After an investigation, Human Resources Director Brenda J. Clanton determined in an Aug. 22 internal memo to Gallegos and City Attorney Kerry Ezrol that Barnes “failed to properly supervise” employees, and that she “misused the City email system for personal purpose” and “exacerbated” conflicts within the department after Wiggins informed her of racial hostilities taking place.

Barnes was initially verbally reprimanded and suspended with pay over the email, but other disciplinary action followed after the news reports and the discrimination complaint.

“Ms. Barnes lacks the requisite skills to continue to perform in a supervisory management position,” Clanton concluded in the report.

On June 24, the city settled the complaint filed by Wiggins for $52,500. The complaint was filed with the Civil Rights Division of Broward County’s Office of Equal Opportunity on July 7. It alleged racial discrimination and retaliation.

Wiggins asserted that she encountered hostilities in her job as a community services technician, where she earned $27,905.31 annually.

As a condition of Wiggins’ settlement, and in addition to the payment, the city agreed to pay her medical insurance through Feb. 28, 2009 and provide her with a positive letter of recommendation for employment elsewhere. Wiggins agreed not to sue the city, and to resign her employment effective Sept. 12, and not to seek future employment with the city.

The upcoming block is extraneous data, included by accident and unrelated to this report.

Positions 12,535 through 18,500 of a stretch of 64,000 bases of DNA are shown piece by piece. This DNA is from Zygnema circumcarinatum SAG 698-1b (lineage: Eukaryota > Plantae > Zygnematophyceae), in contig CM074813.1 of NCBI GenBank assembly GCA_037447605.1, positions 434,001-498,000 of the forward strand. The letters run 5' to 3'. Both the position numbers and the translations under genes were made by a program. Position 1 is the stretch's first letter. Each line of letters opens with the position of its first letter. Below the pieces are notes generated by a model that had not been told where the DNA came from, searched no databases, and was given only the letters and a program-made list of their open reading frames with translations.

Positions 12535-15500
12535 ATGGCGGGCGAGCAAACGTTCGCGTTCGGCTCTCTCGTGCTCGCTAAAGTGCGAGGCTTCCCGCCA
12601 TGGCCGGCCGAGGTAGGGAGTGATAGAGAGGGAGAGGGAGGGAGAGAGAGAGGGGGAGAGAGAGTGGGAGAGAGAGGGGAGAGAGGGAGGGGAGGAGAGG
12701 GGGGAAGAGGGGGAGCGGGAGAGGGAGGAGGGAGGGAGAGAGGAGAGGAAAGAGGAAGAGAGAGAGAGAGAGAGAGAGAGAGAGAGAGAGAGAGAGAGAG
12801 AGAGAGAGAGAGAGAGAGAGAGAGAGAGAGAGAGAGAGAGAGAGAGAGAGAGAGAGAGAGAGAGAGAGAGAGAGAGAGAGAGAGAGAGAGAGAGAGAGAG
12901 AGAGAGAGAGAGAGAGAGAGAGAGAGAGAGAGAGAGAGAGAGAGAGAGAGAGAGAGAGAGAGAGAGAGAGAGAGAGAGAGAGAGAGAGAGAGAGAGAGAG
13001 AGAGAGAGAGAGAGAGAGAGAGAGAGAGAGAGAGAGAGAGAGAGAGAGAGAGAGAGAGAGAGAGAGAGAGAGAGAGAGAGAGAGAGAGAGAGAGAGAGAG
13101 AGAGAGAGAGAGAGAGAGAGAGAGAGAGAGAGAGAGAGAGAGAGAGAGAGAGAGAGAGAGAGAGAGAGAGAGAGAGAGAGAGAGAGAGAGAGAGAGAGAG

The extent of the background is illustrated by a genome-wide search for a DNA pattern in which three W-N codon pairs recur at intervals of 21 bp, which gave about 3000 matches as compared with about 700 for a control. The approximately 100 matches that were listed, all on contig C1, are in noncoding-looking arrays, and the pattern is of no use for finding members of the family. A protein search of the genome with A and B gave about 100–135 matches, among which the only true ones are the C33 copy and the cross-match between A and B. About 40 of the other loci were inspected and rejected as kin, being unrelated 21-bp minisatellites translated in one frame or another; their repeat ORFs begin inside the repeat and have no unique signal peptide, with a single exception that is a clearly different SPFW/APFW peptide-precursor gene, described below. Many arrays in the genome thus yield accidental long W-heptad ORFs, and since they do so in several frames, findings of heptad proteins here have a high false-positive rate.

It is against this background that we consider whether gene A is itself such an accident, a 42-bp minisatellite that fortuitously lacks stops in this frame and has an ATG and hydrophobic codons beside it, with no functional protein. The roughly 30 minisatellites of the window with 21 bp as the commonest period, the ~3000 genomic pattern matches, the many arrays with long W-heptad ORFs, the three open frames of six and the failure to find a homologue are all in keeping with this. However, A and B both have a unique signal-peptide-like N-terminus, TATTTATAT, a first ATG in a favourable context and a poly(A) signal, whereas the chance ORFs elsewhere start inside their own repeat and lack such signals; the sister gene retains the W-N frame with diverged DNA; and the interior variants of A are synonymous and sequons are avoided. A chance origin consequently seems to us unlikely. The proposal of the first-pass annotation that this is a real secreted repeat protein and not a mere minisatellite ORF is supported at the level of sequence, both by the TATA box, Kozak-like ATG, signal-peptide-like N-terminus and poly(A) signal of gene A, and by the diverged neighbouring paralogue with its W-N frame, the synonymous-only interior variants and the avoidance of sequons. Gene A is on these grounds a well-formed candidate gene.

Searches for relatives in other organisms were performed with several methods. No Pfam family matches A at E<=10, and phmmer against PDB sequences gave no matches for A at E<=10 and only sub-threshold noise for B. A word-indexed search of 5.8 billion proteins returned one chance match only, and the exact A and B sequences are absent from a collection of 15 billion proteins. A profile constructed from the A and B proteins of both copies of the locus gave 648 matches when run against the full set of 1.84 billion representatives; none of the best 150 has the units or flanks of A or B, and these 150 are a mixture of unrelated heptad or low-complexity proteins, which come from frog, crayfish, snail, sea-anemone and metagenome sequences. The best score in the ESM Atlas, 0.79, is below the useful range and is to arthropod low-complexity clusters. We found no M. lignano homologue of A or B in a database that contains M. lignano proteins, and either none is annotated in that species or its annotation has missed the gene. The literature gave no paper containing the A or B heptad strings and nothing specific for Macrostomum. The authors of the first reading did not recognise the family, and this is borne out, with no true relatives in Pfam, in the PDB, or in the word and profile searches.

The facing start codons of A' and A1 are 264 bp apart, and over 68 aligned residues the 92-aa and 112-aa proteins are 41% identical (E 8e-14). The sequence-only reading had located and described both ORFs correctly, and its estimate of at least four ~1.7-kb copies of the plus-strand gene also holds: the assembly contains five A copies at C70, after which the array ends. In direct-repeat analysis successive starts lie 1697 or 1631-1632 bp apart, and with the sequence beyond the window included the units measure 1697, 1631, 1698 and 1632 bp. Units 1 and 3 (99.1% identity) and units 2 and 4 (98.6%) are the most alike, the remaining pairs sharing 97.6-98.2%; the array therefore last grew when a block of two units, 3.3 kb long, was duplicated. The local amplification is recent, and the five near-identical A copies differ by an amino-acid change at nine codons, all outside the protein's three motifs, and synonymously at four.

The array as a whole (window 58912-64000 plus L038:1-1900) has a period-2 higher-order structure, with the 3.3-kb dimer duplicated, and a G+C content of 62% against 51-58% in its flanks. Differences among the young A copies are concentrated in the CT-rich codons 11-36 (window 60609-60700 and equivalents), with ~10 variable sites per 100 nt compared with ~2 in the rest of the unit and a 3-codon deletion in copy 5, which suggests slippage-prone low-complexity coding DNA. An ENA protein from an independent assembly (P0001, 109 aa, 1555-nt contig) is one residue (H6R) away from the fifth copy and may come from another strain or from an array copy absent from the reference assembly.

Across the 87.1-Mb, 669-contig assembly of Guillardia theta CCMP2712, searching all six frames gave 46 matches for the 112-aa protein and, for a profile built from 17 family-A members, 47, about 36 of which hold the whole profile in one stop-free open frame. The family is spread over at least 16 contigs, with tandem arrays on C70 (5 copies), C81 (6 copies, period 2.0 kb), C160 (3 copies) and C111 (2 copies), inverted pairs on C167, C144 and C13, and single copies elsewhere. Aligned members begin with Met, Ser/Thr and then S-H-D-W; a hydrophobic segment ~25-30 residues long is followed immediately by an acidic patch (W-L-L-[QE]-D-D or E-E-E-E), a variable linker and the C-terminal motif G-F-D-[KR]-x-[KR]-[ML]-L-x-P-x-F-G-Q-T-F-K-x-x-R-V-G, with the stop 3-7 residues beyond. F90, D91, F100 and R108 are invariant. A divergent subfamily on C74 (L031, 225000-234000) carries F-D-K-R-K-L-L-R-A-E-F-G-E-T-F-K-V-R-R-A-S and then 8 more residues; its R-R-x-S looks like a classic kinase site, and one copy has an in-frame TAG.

Clanton’s disciplinary recommendations for Barnes included a two-week suspension without pay from her $87,360-a-year job, plus workplace behavior and sensitivity training, a demotion and pay cut. 

Barnes appealed, but served the suspension from Sept. 16 through 29. She was also demoted from her assistant director’s job effective Oct. 1, to the position of business technician receipt officer.

She remains in the Community Services Department and does not supervise any employees. Her annual salary was also cut by $25,576; down from $87,360 to $61,784.

Barnes could not be reached for comment. Her attorney, Jennifer Daley, of the Fort Lauderdale-based Amlong & Amlong law firm, did not return calls to the newspaper, or respond to messages left at her office seeking comment.

Barnes was hired in 1979, and on Nov. 11 she will have 29 years of service on the job. In an Aug. 6, 2004 performance evaluation, she received a blistering, five-page critique of her work and job performance.

“This employee has continuously neglected assigned duties to engage in activities to discredit the Director and other personnel,” wrote Harold Horne, Barnes’ former supervisor and former director of the Community Service Department, who has since retired.

“You continue to engage in divisive and insubordinate activities while your assigned duties are neglected,” Horne wrote.

Horne also detailed incidents of what he termed as insubordination, use of profanity, and yelling at him and others, including allegations of Barnes making false statements and providing erroneous information.

 

Prior to the agreement, when asked if he thought Barnes’ departure was necessary, Gallegos said, “I believe it’s time, but she is still a long-term employee who has value, but right now to have her in a supervisory position is not what’s best.”

 

EJones@sfltimes.com